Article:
Curran Hatleberg
Untitled (Man with Bees)

Untitled (Man with Bees), from the series included in the Whitney Museum’s 2019 American Art Biennial, is part of Curran Hatleberg’s attempt to make sense of the current state of the “American Dream”, or lack thereof. “Without question our present American experience feels increasingly strange, unnerving and dreamlike. Our country is utterly different and changed now in its present iteration – surreal and confounding – and we can’t help but regard it with a confounded stare that we hold in reserve for the most bizarre and difficult circumstances.” This image is one, like many in the series that find something poetic, supernatural, and surreal in the common human condition of middle America. This beekeeper, who lives in Ohio, periodically allows the bees that he tends to engulf him—to the point where he must carefully push them back from his eyes, and face, to keep the swarm at bay. A potent metaphor for the struggle to see amidst the buzzing world that surrounds us. His head and neck swollen, transformed—half way to superhero or horror movie.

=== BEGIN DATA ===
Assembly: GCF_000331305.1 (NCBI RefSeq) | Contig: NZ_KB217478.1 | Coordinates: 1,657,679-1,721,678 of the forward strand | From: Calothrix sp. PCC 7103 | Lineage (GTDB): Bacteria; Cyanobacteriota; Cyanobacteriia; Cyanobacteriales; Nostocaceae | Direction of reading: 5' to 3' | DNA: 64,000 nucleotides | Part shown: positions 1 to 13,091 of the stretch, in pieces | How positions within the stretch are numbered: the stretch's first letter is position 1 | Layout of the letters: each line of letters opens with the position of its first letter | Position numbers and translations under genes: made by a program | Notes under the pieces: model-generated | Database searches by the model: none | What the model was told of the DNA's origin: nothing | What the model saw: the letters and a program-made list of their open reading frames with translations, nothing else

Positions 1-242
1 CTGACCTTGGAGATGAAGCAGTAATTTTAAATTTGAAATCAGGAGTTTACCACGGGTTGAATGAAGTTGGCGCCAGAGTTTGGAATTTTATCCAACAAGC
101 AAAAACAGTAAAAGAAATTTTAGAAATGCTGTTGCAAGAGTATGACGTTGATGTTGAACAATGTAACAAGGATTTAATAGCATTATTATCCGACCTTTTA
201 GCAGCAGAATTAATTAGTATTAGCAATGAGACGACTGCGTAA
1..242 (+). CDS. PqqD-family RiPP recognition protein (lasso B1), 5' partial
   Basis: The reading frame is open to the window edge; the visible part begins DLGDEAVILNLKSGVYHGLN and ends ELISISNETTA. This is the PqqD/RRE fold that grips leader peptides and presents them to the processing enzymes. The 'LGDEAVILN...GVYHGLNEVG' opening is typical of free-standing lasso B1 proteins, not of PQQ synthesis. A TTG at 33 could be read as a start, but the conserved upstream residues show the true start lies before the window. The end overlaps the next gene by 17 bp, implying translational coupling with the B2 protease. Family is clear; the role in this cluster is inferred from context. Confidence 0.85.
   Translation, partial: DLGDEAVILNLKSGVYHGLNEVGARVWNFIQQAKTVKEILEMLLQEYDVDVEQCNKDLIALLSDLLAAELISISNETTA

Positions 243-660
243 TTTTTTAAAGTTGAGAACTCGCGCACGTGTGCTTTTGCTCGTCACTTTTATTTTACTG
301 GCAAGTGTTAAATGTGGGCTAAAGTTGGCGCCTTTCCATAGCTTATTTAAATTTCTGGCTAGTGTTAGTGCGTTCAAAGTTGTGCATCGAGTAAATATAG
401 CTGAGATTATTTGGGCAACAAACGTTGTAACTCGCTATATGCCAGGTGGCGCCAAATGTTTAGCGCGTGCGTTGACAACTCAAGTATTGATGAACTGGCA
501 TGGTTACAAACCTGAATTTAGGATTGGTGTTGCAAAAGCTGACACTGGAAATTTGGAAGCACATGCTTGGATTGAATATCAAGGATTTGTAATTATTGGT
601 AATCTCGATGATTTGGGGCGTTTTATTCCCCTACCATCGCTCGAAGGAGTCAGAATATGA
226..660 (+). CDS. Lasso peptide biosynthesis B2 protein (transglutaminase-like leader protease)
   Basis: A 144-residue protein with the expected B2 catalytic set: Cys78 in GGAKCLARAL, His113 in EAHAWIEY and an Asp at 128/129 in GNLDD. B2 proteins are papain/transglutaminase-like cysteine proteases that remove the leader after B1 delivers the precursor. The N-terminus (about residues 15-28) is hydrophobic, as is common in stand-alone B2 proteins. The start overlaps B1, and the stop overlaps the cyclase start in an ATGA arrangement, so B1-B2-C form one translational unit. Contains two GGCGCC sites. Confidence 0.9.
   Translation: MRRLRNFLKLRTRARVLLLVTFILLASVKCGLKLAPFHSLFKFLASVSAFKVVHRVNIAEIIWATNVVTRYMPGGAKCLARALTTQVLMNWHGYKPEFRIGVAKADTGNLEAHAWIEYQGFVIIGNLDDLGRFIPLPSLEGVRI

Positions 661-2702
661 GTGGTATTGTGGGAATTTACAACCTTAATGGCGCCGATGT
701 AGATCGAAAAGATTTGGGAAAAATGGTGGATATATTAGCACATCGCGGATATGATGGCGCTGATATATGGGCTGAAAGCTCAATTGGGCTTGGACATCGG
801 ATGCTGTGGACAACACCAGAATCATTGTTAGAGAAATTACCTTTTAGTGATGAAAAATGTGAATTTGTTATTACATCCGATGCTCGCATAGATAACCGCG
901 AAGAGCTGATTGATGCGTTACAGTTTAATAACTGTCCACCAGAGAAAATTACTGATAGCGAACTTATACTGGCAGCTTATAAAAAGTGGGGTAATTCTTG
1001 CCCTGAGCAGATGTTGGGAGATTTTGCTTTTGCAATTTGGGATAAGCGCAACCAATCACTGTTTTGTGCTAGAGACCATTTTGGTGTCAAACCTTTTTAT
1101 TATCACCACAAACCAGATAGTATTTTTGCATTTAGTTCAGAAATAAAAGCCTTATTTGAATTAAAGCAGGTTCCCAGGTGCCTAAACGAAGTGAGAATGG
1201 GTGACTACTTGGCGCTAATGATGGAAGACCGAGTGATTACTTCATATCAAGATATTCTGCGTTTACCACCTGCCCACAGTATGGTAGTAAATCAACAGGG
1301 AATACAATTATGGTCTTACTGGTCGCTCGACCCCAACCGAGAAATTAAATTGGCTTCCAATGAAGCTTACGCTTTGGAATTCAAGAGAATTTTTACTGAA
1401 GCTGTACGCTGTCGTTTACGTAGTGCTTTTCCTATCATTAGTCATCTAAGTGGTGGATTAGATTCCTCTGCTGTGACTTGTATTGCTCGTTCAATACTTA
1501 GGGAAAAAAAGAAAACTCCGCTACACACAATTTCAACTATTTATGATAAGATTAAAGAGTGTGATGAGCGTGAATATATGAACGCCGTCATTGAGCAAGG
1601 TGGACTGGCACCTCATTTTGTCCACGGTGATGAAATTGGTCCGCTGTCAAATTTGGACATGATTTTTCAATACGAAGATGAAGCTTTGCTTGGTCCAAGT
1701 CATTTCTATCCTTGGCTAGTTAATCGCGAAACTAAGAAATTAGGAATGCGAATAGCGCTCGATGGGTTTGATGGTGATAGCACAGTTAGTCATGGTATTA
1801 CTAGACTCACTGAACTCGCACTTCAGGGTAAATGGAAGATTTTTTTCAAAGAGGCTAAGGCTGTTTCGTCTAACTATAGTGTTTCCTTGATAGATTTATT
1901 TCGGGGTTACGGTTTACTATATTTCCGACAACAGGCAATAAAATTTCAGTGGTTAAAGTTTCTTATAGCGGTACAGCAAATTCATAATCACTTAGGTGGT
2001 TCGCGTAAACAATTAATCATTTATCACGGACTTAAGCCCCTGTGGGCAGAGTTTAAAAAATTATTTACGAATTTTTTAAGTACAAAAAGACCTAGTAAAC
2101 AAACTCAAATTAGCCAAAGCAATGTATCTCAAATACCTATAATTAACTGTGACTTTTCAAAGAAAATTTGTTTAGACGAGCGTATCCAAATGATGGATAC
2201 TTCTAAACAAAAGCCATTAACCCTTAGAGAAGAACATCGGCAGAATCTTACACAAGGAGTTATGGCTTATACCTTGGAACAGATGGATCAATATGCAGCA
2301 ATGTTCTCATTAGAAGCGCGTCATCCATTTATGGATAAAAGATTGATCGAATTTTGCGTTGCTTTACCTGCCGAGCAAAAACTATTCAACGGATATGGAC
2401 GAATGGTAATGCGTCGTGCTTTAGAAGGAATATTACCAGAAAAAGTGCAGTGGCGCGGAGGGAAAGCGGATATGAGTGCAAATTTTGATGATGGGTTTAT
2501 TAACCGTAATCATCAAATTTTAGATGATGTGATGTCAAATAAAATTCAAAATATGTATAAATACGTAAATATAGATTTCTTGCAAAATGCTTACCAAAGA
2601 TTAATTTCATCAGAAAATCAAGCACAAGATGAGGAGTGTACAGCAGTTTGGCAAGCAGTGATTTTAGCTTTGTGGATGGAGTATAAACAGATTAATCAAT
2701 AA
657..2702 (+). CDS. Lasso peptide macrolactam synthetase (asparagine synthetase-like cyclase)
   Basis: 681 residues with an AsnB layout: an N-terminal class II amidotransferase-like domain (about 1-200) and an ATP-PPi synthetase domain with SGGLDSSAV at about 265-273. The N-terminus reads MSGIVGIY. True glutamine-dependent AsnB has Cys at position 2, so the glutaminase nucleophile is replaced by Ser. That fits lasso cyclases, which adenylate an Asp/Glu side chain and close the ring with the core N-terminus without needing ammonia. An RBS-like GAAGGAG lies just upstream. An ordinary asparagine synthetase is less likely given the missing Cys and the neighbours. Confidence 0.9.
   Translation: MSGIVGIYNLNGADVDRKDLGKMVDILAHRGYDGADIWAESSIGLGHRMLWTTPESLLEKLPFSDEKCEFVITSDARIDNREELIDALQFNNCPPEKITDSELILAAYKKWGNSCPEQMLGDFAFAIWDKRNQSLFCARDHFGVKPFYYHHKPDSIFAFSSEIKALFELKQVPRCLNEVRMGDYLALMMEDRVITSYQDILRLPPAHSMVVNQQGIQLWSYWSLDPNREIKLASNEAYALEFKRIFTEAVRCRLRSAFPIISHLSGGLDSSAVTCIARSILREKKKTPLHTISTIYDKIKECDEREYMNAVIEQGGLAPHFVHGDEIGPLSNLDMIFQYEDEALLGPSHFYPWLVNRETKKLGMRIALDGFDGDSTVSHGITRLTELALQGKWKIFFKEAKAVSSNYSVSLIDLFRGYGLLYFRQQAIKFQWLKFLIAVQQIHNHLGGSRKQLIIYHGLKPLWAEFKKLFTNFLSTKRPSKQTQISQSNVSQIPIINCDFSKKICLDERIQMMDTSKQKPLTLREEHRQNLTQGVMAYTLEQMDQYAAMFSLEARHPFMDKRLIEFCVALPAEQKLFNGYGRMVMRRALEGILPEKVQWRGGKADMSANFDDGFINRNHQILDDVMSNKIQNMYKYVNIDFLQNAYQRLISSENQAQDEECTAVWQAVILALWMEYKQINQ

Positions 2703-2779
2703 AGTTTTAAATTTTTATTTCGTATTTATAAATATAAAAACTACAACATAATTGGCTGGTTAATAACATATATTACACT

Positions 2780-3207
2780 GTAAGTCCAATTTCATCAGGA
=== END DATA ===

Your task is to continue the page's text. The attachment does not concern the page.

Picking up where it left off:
Curran Hatleberg spends extended amounts of time with his subjects, usually months, building a rapport, building trust, until finally making images with them. This process, of slowly and organically establishing relationships with his subjects, results in extraordinary images that have a sense of ease, as if the camera wasn’t present. His images tell stories, and in series often take the form of photo books, about the America that remains unseen from the vantage of cities. He travels to rural areas, and starts conversations, openly introducing himself from the outset as a photographer… but not letting the conversation stop there. His artist practice is very empathetic, not critical—it’s about seeing, and also knowing. But also about the dreamlike process of narrative building.